All the optical elements along the 3 segments of the longitudinal axis of the endoscope and wand are required to be coated for low reflectivity for (preferably all) transmitting elements across all the wavelengths of interest, high reflectivity in all wavelengths of interest for reflecting surfaces contained within the distal section, and high separation ratios in the proximal beam-splitting section. An embodiment for a wand configuration contains in its distal portion both a deviating and a beam-splitting prism assembly. Preferably each optical coating on a transmitting optical element is optimized for an angle of incidence of light that is orthogonal or substantially orthogonal to each surface along a vector describing the opto-mechanical axis of the system within a range of plus or minus 10, 9, 8, 7, 6, 5, 4, 3, 2, or 1 degrees. This does not apply to the objective lens assembly where the departure from normal to the surface is greater.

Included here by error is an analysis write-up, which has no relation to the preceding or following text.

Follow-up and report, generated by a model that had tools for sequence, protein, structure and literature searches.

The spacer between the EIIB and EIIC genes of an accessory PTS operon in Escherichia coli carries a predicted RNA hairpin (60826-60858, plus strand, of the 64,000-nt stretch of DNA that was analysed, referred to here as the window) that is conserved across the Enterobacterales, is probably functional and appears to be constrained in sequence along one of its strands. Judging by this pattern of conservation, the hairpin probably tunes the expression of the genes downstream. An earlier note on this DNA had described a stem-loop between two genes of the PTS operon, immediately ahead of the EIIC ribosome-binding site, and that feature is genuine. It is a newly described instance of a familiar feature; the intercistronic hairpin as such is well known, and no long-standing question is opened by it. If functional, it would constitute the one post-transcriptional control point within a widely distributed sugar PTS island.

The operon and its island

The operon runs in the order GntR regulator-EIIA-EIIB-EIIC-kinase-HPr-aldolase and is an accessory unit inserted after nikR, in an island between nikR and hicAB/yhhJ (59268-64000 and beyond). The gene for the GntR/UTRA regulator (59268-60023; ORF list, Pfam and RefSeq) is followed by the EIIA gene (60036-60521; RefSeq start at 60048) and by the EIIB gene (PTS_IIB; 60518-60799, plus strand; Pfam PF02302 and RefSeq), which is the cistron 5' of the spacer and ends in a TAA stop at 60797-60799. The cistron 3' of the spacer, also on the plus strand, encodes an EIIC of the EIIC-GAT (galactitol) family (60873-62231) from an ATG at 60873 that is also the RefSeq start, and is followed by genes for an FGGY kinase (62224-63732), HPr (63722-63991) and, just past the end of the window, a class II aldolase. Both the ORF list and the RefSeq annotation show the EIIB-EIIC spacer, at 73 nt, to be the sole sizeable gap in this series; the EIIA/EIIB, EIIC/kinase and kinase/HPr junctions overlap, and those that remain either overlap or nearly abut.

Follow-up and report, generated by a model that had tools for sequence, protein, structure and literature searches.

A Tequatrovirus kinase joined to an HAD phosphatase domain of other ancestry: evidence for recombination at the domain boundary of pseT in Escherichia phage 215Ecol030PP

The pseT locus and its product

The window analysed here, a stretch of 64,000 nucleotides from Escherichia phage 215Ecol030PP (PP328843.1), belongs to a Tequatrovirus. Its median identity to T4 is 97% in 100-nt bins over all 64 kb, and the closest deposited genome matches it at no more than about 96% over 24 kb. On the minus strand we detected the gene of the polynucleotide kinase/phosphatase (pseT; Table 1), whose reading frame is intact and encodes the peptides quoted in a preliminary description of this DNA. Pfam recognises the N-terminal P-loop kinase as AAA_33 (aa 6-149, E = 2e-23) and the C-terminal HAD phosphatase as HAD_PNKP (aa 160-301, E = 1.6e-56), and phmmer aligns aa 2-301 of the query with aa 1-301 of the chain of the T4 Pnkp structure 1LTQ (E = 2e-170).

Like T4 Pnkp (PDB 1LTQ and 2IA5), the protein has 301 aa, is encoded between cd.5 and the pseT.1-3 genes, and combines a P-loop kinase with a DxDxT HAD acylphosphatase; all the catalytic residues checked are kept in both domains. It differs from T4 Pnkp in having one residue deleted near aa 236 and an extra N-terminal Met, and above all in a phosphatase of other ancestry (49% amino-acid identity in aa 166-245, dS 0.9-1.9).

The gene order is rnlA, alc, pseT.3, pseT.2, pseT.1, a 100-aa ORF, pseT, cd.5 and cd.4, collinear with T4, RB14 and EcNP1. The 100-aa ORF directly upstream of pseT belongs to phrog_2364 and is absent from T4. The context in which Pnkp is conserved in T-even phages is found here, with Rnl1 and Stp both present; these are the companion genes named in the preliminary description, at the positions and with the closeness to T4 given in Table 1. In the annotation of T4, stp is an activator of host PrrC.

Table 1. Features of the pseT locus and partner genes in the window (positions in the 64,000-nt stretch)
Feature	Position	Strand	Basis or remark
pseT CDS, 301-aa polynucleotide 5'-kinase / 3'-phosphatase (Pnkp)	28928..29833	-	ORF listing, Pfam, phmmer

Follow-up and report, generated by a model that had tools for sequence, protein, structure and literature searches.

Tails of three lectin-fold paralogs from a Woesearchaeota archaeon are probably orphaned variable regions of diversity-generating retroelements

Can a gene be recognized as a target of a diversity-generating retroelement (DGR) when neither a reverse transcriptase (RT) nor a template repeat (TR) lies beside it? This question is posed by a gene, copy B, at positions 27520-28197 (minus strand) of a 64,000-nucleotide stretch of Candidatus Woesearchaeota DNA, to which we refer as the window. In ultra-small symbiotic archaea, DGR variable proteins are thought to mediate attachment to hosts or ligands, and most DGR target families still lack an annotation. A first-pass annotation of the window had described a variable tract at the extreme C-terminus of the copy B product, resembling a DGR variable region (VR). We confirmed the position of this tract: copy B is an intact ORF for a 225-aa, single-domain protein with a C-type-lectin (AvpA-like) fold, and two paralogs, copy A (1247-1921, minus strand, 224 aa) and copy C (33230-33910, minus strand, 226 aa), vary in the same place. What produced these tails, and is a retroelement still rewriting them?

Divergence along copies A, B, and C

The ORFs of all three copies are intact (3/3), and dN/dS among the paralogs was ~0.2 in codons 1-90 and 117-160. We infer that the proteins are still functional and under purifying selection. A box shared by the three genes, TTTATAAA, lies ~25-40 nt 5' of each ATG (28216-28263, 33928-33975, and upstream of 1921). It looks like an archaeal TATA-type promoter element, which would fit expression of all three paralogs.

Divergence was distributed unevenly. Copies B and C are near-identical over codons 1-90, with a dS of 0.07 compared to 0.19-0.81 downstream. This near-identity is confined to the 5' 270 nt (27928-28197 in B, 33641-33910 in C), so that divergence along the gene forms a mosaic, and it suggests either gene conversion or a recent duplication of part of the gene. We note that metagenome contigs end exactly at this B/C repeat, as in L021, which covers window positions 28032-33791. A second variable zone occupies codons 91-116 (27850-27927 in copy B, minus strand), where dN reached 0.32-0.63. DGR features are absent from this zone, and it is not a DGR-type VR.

The wand has the same components as shown in FIGS. 3 and 4, but generally has a different form factor since it is optimized for use outside a person's body while an endoscope is optimized for insertion into a person's body.

A. Distal Section 3

The distal section 3 of the inventive device may include an optical assembly taking the form of an inverse telephoto with a distal negative power lens group, a prism assembly 18 to deviate the line of sight within this deviating assembly and a positive lens group. A deviating prism assembly 18 is contained between the distal lens group characterized by its negative optical power and a proximal lens group characterized by its positive power. This optical form (− +) is commonly called an inverse telephoto. Distal sections of endoscopes and other devices are well known in the art, and are described in, for example, U.S. Pat. No. 4,655,557 that is incorporated herein by reference in its entirety.